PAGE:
Many leaders still use outdated and ineffective methods to demonstrate their trustworthiness. Here are three guiding principles to help you take control of this essential relationship-building skill.
In today’s climate of cynicism, the ability to communicate trust can make or break a career.
Surprisingly, however, some of the most common assumptions about trust aren’t entirely true. In fact, many leaders still use outdated and ineffective methods to demonstrate their trustworthiness.
Here are three guiding principles to help you take control of this essential relationship-building skill.
Don’t tell people that you are trustworthy
In a time of uncertainty, leaders use emails and speeches as mechanisms to build trust, but the truth is that they just don’t work. That’s because trust is largely non-verbal. We convey our trustworthiness more convincingly by what we do, not what we say.
When New Jersey Governor Chris Christie theatrically apologized for lane closures on the George Washington Bridge, the citizens of his state didn’t buy it. In fact, the number of New Jerseyans who believed the governor was at least somewhat responsible for the lane closures actually increased from 34 percent to 50 percent after his apology.
By contrast, after Hurricane Sandy, Christie gained tremendous pubic support as he toured his distressed state, listened to devastated homeowners, and then advocated stridently for federal emergency funds.
Therein lies the secret to building trust: focus on actions not words. Consider what needs or concerns people have voiced recently, show them that you are listening, and your trust credentials will grow rapidly.
Don’t assume you can always rebuild trust
Although we know how hard it is to rebuild trust once it’s been broken, few people know a deeper truth: our ability to rebuild trust actually depends on how trust was broken in the first place.
Trust fractures fall into two broad categories: flaws of character and lack of skill or ability. Mistakes that are ascribed to a lack of skill are generally pardonable. Simply put, we’ve all made honest mistakes and we know that with a little extra effort, anyone can improve.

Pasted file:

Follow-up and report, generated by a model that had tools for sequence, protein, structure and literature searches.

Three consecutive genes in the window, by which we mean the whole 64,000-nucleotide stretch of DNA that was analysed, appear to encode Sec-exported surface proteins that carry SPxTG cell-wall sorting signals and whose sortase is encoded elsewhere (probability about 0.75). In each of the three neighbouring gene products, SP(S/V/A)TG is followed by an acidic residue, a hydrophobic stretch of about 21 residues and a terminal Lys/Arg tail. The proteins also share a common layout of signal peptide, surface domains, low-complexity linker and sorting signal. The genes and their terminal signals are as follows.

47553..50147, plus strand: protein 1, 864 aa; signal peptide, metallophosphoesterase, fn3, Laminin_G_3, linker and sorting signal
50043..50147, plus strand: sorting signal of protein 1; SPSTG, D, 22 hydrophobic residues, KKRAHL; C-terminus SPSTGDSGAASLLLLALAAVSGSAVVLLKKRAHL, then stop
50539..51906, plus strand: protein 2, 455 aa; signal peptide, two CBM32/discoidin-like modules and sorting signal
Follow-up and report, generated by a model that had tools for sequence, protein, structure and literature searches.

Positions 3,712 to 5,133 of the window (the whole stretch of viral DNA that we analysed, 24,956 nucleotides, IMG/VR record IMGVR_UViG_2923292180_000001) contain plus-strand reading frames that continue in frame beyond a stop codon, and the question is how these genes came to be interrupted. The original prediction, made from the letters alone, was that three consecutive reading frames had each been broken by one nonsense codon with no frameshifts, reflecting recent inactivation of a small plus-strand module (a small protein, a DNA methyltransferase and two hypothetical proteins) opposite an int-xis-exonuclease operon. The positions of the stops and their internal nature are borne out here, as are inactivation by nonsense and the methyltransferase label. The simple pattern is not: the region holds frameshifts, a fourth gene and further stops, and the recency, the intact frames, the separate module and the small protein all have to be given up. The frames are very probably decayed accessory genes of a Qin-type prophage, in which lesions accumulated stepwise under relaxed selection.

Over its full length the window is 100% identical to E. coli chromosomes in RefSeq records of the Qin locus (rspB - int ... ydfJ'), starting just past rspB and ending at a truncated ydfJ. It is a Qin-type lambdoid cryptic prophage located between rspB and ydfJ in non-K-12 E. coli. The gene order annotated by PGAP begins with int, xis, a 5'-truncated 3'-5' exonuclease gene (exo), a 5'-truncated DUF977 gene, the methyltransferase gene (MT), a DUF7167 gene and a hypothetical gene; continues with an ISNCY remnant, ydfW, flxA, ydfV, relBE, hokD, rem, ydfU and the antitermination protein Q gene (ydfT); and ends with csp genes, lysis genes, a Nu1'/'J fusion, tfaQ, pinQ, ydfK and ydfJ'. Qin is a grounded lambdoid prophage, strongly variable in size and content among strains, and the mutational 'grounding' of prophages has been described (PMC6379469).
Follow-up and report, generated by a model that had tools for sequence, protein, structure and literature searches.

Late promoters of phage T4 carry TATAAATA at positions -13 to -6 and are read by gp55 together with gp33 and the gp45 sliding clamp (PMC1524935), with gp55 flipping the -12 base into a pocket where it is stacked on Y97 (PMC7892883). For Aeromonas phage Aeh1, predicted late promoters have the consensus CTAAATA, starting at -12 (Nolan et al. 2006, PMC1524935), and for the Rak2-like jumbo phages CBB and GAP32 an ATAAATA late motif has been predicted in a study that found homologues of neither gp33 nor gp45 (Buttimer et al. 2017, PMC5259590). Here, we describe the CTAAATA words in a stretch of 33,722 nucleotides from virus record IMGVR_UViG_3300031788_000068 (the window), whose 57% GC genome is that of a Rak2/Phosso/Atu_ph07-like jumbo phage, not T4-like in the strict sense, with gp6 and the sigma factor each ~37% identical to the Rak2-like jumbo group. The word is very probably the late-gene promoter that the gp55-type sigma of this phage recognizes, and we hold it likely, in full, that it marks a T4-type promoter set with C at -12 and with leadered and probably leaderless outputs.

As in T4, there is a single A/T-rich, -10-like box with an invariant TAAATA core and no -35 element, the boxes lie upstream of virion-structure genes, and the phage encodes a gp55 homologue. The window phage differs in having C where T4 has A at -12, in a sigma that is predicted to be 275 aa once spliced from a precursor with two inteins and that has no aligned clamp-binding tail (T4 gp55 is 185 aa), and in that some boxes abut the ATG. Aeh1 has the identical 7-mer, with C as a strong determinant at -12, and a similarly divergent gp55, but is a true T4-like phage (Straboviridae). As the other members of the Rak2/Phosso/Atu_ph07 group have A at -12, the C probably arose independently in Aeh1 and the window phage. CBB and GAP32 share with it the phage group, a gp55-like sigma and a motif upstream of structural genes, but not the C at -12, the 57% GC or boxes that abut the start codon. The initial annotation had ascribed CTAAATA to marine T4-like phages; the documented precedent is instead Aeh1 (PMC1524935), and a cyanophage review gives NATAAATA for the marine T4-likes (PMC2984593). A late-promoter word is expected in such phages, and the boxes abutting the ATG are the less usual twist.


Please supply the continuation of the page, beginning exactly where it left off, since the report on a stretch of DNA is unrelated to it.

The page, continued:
Take for example Pete Carroll, head coach of the Seattle Seahawks and winner of the 2014 Super Bowl. Few people know that, from 1994 to 1999, Pete Carroll had a lackluster record as head coach of the New York Jets and later, of the New England Patriots. When he was fired from the Patriots, he managed to convince the University of Southern California to give him a chance to coach a college team.
The following eight years were nothing short of spectacular for USC football and, as a result, Seattle decided to give him another shot in the NFL, signing him as head coach in 2010. This turned out to be a smart decision for Seattle.
Other types of mistakes—those that are attributed to character flaws—are rarely pardoned. That’s because people view character flaws as permanent traits that can’t be changed. Consider Tony Hayward, former CEO of BP, who infamously complained that he wanted his life back after 11 men had perished on his company’s oil rig and while thousands more were out of work.
No matter what, never display arrogance
In today’s climate of distrust, the penalty for arrogance can include swift public rejection.
Think back to the summer of 2011 when Netflix decided to radically change its services and then to inform customers of those changes through a fairly curt and uncaring email. The public reaction sent Netflix into something the New York Times dubbed, “A Near-Death Spiral.” The stock fell from a high of almost $300 per share to below $70.
Netflix CEO Reed Hastings published an online apology video shortly after the mishap and accepted full responsibility. But the apology did little to win back customers.
“In hindsight, I slid into arrogance based upon past success,” Hastings explained in the same New York Times article.
The best way to avoid arrogance is to look at an issue from the standpoint of stakeholder empathy. Trust-building communications processes must include a point at which an issue or new product is perceived—empathetically—from another person’s standpoint.
This one step enables companies to consider the human implications of each decision and to revise their actions before it’s too late. Leaders can then project an image of confidence and care for others, and their company’s actions will support that image.
In essence, communicating trust is often about avoiding errors that break trust and remembering that customer-centricity isn’t just a sales strategy—it’s an essential company-wide mindset.